Then they dragged me back to the dog cage and left me there to stew for a couple of months.
Then they threw me in the hole again. And so on.
It didn’t start to add up until the day Central Intelligence turned me over to ANNUIT COEPTIS and I was brought before John, my final interrogator. The black suit, the expressionless face behind the shades. He sat behind a massive desk, the ANNUIT COEPTIS emblem on the wall behind him, and informed me that he was my final stop. John had very short blonde hair. Very short, but he had managed to make a parting in it, which is practically impossible with hair that short, and perhaps pointless. But it scared me too, such determination. For the first few moments he said nothing. He looked at me. I shrugged. I shifted in the chair. My chains rattled when I shifted in the chair.
‘It can go one way or it can go another. I’m your last stop, Mr. Culper. Robert. Can I call you Robert? Please, call me John.’
I thought to ask if I could call him Johnny. But then I had an image of him attaching electrodes to my nipples.
‘See that?’ He was pointing at the emblem on the wall above his head. The eye in a triangle. I nodded. ‘Know what it means?’
I shook my head.
‘Means you better look out.’
This was after an eternity in one of those stress positions. My feet had been chained to the floor, and my hands chained to the floor, behind my feet. You couldn’t stand up. You couldn’t lie down. Then the satanic music. In the dark.
‘It means, just because you can’t see us, don’t mean we can’t see you.’
He rose from his seat and walked around the desk and leaned into my face. ‘That’s how people used to feel about God. You don’t believe in God, do you Mr Culper?’
Sweat was rolling into my eyes..
‘I believe in the possibility of… um… a cosmic force… um… an all-transcendent… um… an entity beyond human… ahh…’
He bitch-slapped me forehand and back, warned me verbally against trying to put over any ‘fruit-cocktail’ religion on him, then returned to his side of the desk. He resumed his seat and took a deep breath. He indicated again the emblem above our heads.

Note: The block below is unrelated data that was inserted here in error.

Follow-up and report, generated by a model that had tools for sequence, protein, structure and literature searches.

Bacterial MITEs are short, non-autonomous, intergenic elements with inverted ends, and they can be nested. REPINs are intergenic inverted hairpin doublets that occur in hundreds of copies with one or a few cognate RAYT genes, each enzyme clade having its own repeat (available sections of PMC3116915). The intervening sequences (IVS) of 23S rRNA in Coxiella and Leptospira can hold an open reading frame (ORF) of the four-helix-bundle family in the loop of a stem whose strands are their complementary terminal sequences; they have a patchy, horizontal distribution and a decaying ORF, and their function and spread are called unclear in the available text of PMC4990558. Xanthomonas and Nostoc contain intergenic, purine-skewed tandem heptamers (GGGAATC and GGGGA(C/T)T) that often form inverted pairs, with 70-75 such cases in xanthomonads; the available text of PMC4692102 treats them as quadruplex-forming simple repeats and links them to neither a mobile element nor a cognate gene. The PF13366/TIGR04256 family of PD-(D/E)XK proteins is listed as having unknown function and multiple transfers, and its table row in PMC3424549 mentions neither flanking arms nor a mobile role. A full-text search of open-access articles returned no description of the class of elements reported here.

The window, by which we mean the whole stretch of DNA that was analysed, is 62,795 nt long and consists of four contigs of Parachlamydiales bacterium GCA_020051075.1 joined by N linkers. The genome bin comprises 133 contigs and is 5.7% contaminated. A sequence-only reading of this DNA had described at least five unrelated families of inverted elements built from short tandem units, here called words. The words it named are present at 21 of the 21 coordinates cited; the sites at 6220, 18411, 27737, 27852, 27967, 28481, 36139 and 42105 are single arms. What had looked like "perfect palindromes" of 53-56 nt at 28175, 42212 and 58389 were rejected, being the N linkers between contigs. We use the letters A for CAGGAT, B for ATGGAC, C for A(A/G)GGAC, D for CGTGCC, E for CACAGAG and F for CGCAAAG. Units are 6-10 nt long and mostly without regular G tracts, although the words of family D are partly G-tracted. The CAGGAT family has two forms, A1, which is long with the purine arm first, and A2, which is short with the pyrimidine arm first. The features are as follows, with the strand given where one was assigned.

‘NOVO ORDO SECLORUM. What about that one?’ I shook my head.
‘Means we’re moving into a new era. A final battle. With an enemy elusive as smoke, that knows no borders, that cannot be seen or pinned down by conventional means. An enemy as insubstantial and as all pervasive as evil itself. And how do you fight such an enemy?’
‘Bomb the shit out of them, I guess.’
‘That’s a good start, Robert. We have the toys, and we’re going to use them. But what you need to understand, in order to lose your chains, is that munitions are the cruder half of the solution. For what profit us to hammer them with depleted uranium ordnance abroad, and yet lose the fight at home?’
‘John, I dealt some pills and stuff, but I’m as patriotic as the next guy. I’m not a terrorist.’
He paused for a moment, drumming his fingers on the table. Then he leaned forward, the hard stare behind the shades. I was two little dolls, reflected in the lenses. He pressed a button and the lights began to slowly dim. He leaned forward and recited slowly, emphasising each word:
‘The sun will swell up and engulf the earth. But long before that happens the oceans will burn off as steam and the earth, becoming tired of its journey, will be slowing in its orbit. The days will become very long indeed. The whole thing has an expiry date on it, the whole human venture.’
He leaned back again.
‘Recognise them words?’
I nodded. I felt I had heard them before. At my birth, or tripping out on mescaline, the TV in the background tuned by chance onto one of those religious shows.
He shook his head.
‘No. These are your words.’
I was busted. An icy tremor passed up my back, tingled across my scalp. It was as if he could read my dreams and tell me what they meant. The pieces of my life floated loose in the sky, and he could pull the pieces down, reassemble them, judge them, label them. He pointed to the all-seeing eye.